Many service personnel have accommodation provided by the Ministry of Defence. When you are scheduled to leave the service, you should receive plenty of advance notice, which will give you time to find somewhere to live on your discharge.
How much notice will you get?
The amount of notice you will get of the date you have to leave your MOD accommodation, depends on your reasons for leaving the service, but in most cases you will have 3 months’ advance notice.
In cases of normal discharge, you should get at least 93 days’ notice, and your notice period will normally expire on the last day of your armed forces service.
If you’ve been discharged with short notice, you should still get 93 days’ notice, but this period might actually take you beyond your final day of service.
If you are living in MOD accommodation with a partner who is a serving member of the armed forces and your relationship ends, you will be given a maximum of 93 days in which to reconcile. After this 93 day period, the service person will be categorised as a single person and any remaining family members will be issued with a 93 day notice to vacate the accommodation. Once this notice period ends, anybody who remains in the property will be treated as an illegal occupant.
Getting ready to move
There will be a pre-move out advisory visit from MOD about two months before the date you are required to leave your home. The meeting should take about 45 minutes. During this visit, you’ll be told what you need to do in advance of leaving. Normally, the officer visiting your home will do a quick inspection to see if there are any issues that need to be sorted out before you leave. You’ll have to sign a form to confirm that you’ve had this meeting and that you understand what condition you need to leave the property in.
CarillionAmey, the organisation that looks after most MOD housing, runs a Walk Away Cleaning Scheme. This is basically an insurance scheme. If you buy into this scheme you won’t have to worry about doing a really detailed cleaning of the property before you leave, although you’ll still have to make sure that it’s hygienically clean. You can find out more about the Walk Away scheme on CarillioinAmey’s website.
You’ll need to contact CarillionAmey to arrange your final move-out appointment. This is when you actually hand the keys of your property back. If you can’t attend this appointment, you can nominate someone else to be there on your behalf, but you’ll have to discuss this with CarillionAmey first.
Your options when you leave MOD accommodation will be to
- Apply for social housing
- Find a private property to rent or
- Buy your own home
You can apply for social housing in Northern Ireland online or by requesting a paper application form from NIHE. Once your application is registered, you will be eligible for offers from all social housing providers.
In order to be eligible for housing, you have to show that you have a local connection to Northern Ireland. If you have previously served here, you won’t automatically be seen to have a local connection, but NIHE should consider your history and connection to the area to see if it is strong enough to make you eligible for housing.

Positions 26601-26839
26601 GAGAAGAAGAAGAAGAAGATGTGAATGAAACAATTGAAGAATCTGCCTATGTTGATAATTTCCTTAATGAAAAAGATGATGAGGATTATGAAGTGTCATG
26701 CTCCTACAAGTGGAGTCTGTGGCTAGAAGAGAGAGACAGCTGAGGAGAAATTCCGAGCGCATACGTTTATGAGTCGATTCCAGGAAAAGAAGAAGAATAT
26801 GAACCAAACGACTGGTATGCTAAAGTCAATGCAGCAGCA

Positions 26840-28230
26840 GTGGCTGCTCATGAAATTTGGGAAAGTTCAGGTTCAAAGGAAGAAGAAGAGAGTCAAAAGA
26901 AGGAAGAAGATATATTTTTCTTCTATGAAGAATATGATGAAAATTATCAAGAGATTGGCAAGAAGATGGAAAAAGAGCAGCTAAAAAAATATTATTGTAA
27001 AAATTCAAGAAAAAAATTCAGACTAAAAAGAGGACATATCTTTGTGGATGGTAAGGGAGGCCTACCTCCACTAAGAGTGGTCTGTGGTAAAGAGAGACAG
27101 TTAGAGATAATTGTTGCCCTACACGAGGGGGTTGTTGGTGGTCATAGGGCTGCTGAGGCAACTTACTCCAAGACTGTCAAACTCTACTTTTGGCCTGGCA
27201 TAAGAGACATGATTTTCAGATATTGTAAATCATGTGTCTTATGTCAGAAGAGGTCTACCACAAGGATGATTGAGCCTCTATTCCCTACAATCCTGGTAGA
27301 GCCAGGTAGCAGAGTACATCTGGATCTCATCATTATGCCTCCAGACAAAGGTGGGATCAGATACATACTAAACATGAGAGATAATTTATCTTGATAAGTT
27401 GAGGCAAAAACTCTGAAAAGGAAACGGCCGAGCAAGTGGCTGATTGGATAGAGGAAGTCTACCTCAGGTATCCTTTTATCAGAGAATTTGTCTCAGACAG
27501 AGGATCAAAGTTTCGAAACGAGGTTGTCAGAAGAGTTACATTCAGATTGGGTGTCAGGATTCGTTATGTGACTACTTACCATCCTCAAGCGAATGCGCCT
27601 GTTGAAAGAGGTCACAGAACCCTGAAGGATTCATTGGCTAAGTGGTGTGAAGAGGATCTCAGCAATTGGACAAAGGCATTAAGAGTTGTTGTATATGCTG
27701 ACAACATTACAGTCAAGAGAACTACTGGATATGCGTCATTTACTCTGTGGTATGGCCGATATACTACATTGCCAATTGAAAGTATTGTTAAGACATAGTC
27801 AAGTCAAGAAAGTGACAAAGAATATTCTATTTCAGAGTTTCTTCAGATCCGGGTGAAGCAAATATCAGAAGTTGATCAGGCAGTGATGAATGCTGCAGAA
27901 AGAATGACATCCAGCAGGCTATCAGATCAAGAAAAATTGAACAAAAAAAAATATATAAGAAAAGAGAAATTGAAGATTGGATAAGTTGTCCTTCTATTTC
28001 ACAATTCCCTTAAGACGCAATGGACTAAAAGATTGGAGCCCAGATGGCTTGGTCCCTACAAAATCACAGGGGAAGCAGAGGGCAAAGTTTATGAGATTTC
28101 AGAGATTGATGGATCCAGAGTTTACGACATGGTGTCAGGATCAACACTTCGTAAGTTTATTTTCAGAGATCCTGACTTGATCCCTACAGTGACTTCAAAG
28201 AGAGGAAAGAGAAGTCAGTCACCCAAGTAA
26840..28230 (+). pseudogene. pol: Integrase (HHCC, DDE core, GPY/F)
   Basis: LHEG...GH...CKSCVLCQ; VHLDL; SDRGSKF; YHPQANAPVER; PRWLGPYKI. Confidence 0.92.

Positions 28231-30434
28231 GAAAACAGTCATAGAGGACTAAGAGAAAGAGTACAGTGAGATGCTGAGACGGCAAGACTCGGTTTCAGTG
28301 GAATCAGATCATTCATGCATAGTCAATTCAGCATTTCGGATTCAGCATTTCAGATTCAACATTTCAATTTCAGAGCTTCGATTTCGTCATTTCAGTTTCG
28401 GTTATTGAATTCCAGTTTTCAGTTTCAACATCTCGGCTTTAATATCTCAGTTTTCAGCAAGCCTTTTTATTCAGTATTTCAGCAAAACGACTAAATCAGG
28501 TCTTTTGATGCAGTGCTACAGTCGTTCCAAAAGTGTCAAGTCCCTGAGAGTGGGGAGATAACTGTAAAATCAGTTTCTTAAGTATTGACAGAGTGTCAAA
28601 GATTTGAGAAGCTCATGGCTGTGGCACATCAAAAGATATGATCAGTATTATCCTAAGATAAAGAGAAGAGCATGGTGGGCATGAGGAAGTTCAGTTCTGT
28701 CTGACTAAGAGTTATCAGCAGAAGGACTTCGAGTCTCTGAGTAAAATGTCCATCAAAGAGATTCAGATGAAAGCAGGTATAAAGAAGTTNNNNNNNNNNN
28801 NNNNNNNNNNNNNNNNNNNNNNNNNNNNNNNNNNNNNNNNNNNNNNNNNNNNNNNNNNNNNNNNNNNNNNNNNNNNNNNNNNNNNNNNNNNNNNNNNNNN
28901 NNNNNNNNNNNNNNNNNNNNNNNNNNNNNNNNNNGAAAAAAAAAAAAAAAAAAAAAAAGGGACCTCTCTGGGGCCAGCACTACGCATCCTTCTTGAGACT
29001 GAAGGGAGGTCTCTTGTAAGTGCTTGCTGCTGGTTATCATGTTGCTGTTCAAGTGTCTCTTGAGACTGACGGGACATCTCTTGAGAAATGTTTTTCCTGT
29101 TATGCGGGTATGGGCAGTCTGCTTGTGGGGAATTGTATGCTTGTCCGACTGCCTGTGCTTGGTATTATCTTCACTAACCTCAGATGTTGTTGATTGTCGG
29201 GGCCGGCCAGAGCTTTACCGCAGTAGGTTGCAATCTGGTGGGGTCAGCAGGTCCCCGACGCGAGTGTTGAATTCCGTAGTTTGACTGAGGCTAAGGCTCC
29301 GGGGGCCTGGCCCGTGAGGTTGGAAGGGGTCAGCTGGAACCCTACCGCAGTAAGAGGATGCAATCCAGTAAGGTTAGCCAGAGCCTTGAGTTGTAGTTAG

On your application, you will have to select two areas of Northern Ireland in which you’d like to live. The amount of time that you will then wait for an offer of housing will depend on
- How many points you are awarded and
- The availability of the type of housing you require in those area.
Getting help if you are homeless
If you don’t have anywhere to move to, you can ask the Housing Executive for help. The Housing Executive has a legal duty to provide accommodation to anyone who is legally homeless. You can approach the Housing Executive to ask for an assessment once you have fewer than 28 days remaining in your current home.
The Housing Executive will only have a legal duty to assist you if you pass four tests. These are
- Homelessness – you will pass this test if you have to leave your current home in less than 28 days
- Eligibility – you will only fail this test if you have been involved in certain types of antisocial behaviour or your nationality or immigration status restricts your access to public services
- Priority need – you will pass this test if you have dependent children, are pregnant, have a serious illness or disability. If you’ve been in the services for a long time, you could also pass this test if you have been institutionalised as a result of your service
- Intentionality – you will pass this test as long as you haven’t intentionally done anything to make yourself homeless. The fact that your service is ending doesn’t mean you fail this test.
Finding a privately rented property
Some people will be happy to move into a privately rented property, particularly if they’re not sure yet where they want to live permanently. In most cases, you will need to have quite a bit of money saved up in order to get a new privately rented tenancy. Most landlords will ask for a month’s rent in advance and for a deposit, which is usually the equivalent of one month’s rent.
If these upfront costs are going to make things difficult for you, you may be able to get some help. You could apply for an interest-free loan from the discretionary support fund to help with your first month’s rent. You’ll have to pay this money back, but the repayments should be manageable.
These charities may be able to offer you a grant or a loan to help you with the upfront costs of renting a new home.
Buying your own home
There are a number of schemes to help people buy a home, including shared ownership and rent to own schemes. The government also provides a Forces Help to Buy Scheme, although that is targeted at service personnel who are still actively serving in the armed forces.